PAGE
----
But thanks for playing, and feel free to try again. :D

Tom

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Last edited by tms on Wed Aug 29, 2012 3:48 pm, edited 1 time in total.

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 Post subject:
PostPosted: Wed Aug 29, 2012 3:48 pm 
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Hey Monte,

Although it has some of the characteristics of bog oak, it is another product.
But thanks for playing, and please feel free to try again. :D

Tom

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 Post subject:
PostPosted: Wed Aug 29, 2012 3:48 pm 
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I know what you're looking for, but I'll wait to spill the beans. :wink:

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 Post subject:
PostPosted: Wed Aug 29, 2012 6:16 pm 
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tms wrote:
Hey Monte,

Although it has some of the characteristics of bog oak, it is another product....


Don't I get partial credit, then? (hehe)

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 Post subject:
PostPosted: Wed Aug 29, 2012 8:07 pm 
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Quote:
Don't I get partial credit, then?


Hey Dennis,

Well, you would if you were partially correct, sorry.
But thanks for playing, and please feel free to try again.:D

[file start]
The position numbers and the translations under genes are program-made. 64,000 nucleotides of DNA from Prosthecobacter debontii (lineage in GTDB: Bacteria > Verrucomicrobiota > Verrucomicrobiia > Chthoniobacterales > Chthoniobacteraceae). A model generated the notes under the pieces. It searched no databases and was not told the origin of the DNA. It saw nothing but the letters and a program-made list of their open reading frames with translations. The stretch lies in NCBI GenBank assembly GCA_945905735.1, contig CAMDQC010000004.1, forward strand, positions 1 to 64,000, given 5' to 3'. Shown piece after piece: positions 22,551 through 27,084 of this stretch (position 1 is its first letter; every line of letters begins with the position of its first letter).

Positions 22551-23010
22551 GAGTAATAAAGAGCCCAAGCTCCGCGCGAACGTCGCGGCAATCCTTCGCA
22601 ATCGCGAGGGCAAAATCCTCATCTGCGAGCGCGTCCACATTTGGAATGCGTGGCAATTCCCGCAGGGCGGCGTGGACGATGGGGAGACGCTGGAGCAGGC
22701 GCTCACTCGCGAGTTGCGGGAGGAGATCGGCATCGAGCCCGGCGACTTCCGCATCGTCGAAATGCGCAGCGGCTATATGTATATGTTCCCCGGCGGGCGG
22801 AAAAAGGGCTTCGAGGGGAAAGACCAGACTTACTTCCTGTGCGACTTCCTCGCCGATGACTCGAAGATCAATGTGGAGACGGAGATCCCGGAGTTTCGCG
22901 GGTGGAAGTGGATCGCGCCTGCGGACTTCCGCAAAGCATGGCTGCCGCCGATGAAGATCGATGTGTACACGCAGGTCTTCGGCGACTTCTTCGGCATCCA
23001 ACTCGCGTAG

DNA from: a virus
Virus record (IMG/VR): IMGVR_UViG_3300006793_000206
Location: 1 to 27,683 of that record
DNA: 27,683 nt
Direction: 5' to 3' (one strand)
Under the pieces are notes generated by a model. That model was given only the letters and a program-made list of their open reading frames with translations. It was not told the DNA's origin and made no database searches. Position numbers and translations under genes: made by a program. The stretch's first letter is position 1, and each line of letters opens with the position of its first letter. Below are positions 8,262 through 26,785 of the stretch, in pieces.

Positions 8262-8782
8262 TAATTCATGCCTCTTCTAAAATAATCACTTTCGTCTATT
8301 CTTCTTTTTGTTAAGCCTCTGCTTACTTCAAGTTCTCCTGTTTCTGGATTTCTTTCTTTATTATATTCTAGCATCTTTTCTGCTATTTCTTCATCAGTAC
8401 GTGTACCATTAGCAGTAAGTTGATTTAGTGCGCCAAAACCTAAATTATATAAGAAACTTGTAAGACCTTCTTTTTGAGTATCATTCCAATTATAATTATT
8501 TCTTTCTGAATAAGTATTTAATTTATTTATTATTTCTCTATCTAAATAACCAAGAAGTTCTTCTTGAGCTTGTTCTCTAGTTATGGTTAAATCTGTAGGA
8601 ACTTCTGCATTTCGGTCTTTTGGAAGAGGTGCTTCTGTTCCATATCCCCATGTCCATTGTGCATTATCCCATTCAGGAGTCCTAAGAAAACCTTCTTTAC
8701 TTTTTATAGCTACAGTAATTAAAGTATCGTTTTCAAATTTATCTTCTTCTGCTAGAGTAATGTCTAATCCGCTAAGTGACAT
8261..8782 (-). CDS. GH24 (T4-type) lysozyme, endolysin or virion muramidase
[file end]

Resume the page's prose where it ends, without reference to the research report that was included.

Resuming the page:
Tom

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 Post subject:
PostPosted: Fri Aug 31, 2012 7:07 pm 
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Waited long enough. The English Brown Oak is really any of the European oaks that has become infected by a fungus peculiar to the British Isles. A type of mushroom (fungus) that grows on the live tree stains the wood brown. I suppose it's partly because the climate is conducive to that particular fungus species.

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PostPosted: Fri Aug 31, 2012 9:40 pm 
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Hey Folks,

Yes we have a winner! Is it just a coincidence that Gene won during a Blue Moon?

He got it exactly right, English Brown Oak is any species of oak (usually white oak) infected with Fistulina hepatica a fungus that turns the wood of the living tree a distinctive brown color.

It's been credited that Gustav Stickley was trying to reproduce the color of English Brown Oak with his ammonia fuming technique. English Brown Oak is pleasantly worked with hand tools and has a lovely variegated color reminiscent of mineral streaks in other hardwoods. Unlike spalted wood, English Brown Oak is colored while the tree is still alive, much like the blue stain in pine trees on this continent. I sells for a premium price due to its high demand.

Here is a very good description of the product
http://www.woodworkingnetwork.com/articles/archives/WWP-wood-products-magazine/english_brown_oak_127693343.html

Two dessicated points awarded to Gene. One for getting the answer right, and one for waiting to let others try their hand. Well done Gene.

Tom